Category Archives: Life Stories

Post Hockey Depression Syndrome

Photo Compliments of Arthur Foster

Sorry guys, but we have to talk about this.

You all know that you or several of your former team mates have or will go through this stage at some point in life.  It may not be the day or week after you play your last game, but instead maybe a month, or two, or even for some it takes a whole year.  But believe me when I tell you, it will happen to you.  You may think you will be the exception.  Or you may luck out and fall into a coaching or hockey related job that keeps you fully immersed in hockey so you won’t have the opportunity to fall into this deadly psychological trap.  But I’m sorry to say this again, it will happen to you.

Ask a coach who has played pro hockey his whole life if coaching is the perfect scenario to follow up a hockey career with.  The answer could go two ways I know.  But think about how they really feel behind the scenes.  Some people will say, ” those who can’t, teach.”  I disagree.  A coach is someone who knows that their time has come to let someone else enjoy what they have enjoyed for several years, but at the same time they will never forget what it felt like to be a player.  And being a coach now is bittersweet because every day you go to the rink you know you can’t lace them up like you use to and you can’t physically contribute to the success of your team like you use to either.  Now your efforts are more mental and your physical contributions will only come when demonstrating drills and systems, and if you’re lucky enough your players will let you participate in the shootouts that take place at the end of a training session.

So no matter what you end up doing after hockey there is going to be  a black cloud over your head.  It’s not going to be easy to rid of, and some guys clouds will be bigger, and some guys clouds will be darker, but nonetheless a cloud is a cloud and if you don’t deal with it, it could mentally and psychologically destroy you.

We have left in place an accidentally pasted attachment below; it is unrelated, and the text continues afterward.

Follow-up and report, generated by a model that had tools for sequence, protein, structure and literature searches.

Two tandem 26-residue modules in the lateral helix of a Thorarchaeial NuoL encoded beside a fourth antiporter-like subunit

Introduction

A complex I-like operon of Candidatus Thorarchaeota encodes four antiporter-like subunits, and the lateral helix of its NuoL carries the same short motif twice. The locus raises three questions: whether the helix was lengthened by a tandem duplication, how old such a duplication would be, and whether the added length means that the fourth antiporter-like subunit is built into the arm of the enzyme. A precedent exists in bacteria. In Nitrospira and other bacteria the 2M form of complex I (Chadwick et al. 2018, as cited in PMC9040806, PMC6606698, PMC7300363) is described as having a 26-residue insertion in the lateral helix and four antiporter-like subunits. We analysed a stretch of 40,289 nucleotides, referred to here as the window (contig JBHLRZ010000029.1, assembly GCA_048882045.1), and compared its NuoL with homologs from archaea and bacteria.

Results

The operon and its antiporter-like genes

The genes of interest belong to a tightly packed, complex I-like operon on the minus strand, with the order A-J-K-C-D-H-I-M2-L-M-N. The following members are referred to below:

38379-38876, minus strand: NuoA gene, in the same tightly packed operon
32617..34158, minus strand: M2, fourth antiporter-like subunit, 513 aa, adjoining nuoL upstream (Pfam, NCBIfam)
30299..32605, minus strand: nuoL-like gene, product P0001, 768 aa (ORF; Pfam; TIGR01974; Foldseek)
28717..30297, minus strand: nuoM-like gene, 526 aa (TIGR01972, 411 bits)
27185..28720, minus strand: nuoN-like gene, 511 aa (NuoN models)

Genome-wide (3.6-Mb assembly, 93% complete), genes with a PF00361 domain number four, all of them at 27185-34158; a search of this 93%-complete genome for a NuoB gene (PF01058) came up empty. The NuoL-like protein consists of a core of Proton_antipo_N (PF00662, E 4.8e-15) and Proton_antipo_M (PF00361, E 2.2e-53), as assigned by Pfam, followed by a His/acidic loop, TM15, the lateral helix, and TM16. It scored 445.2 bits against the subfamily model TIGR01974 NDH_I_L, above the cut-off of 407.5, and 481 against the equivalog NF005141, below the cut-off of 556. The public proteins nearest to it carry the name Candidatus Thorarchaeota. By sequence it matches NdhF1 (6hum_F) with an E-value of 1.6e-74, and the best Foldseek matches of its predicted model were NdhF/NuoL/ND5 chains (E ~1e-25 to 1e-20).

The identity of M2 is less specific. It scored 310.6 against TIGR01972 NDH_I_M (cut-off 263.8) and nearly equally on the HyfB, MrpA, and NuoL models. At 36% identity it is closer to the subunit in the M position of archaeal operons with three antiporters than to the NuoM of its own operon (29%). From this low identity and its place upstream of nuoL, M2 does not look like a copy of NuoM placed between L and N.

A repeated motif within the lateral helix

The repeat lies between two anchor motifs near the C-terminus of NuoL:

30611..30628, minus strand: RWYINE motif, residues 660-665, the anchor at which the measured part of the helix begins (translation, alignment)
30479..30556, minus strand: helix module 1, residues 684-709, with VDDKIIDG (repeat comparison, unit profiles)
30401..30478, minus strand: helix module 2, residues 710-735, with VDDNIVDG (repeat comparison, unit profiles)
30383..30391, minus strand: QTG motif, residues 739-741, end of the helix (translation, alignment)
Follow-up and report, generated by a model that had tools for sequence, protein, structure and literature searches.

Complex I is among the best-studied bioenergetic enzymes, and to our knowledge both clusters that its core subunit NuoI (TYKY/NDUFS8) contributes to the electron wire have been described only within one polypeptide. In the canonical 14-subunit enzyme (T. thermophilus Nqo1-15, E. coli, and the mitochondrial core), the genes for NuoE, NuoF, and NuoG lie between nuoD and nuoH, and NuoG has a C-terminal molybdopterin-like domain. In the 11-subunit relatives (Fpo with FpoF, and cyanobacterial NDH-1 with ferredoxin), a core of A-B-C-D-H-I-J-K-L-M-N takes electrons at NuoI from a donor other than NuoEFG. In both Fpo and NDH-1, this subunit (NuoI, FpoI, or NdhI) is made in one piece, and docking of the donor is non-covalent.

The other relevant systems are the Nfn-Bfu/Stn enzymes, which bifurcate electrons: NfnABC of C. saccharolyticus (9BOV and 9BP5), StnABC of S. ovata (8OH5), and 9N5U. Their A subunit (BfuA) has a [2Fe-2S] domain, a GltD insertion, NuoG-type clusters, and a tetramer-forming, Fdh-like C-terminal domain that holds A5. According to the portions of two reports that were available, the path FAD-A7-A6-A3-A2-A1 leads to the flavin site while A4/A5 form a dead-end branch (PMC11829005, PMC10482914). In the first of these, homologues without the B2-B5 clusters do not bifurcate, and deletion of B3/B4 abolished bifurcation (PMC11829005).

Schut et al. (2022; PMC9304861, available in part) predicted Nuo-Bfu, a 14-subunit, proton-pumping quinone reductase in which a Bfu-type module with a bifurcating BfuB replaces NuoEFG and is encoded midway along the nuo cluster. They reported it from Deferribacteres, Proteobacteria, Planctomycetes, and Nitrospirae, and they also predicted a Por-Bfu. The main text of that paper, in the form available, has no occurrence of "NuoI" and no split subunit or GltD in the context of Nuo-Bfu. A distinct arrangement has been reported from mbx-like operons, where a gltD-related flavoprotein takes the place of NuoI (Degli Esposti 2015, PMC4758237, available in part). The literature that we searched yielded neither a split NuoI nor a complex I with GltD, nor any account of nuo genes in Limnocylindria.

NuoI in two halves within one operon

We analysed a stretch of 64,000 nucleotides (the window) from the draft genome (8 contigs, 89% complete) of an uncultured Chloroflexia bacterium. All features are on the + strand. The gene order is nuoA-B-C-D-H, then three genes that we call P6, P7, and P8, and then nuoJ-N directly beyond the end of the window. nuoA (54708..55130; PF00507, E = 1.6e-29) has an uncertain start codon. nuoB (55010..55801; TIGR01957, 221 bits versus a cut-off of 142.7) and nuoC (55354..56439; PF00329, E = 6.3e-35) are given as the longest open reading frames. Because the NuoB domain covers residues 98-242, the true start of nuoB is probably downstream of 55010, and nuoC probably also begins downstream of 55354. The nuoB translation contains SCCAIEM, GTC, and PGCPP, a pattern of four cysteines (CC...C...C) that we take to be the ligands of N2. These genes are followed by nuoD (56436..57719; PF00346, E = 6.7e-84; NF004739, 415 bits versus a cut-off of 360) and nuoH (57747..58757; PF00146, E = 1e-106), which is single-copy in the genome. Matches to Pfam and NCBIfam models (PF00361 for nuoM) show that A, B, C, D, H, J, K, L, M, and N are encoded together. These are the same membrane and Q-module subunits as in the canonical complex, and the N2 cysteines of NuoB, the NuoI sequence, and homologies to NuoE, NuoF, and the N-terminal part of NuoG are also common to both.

I will be the first to admit I had and have a black cloud over me.  And to be honest some of us always will. Fortunately for me I have decreased my black cloud to a very small one now and I’ve mentally got my head wrapped around the fact that I will never be playing pro hockey again. And also, think about the old legends of the game. I bet there isn’t a day that goes by where someone like Wayne Gretzky or Gordie Howe doesn’t wish they would have kept playing or doesn’t wish that they still physically could.  I’ve been out of it for only a year and it kills me to even watch hockey highlights because I watch the plays and the players move around the ice and it makes me mad that I could still be out there doing the same.

But the reality is, we can’t do it forever.  And we definitely can’t do it as well as we use to be able to.  Mind you I do believe I was getting better with age but I won’t ask anyone else’s opinion on that haha.

But in all honesty, and unfortunately the dream does have to end and we all  have to wake up and literally smell the coffee that sits in front of us at our office desk or in our vehicle console on the way to our real world jobs.  It’s the facts of life and we can deny the real world as long as we want, but at the end of the day the majority of us have to go to work for a living, and pay the bills, support our families and try and save money for the future just like everyone else.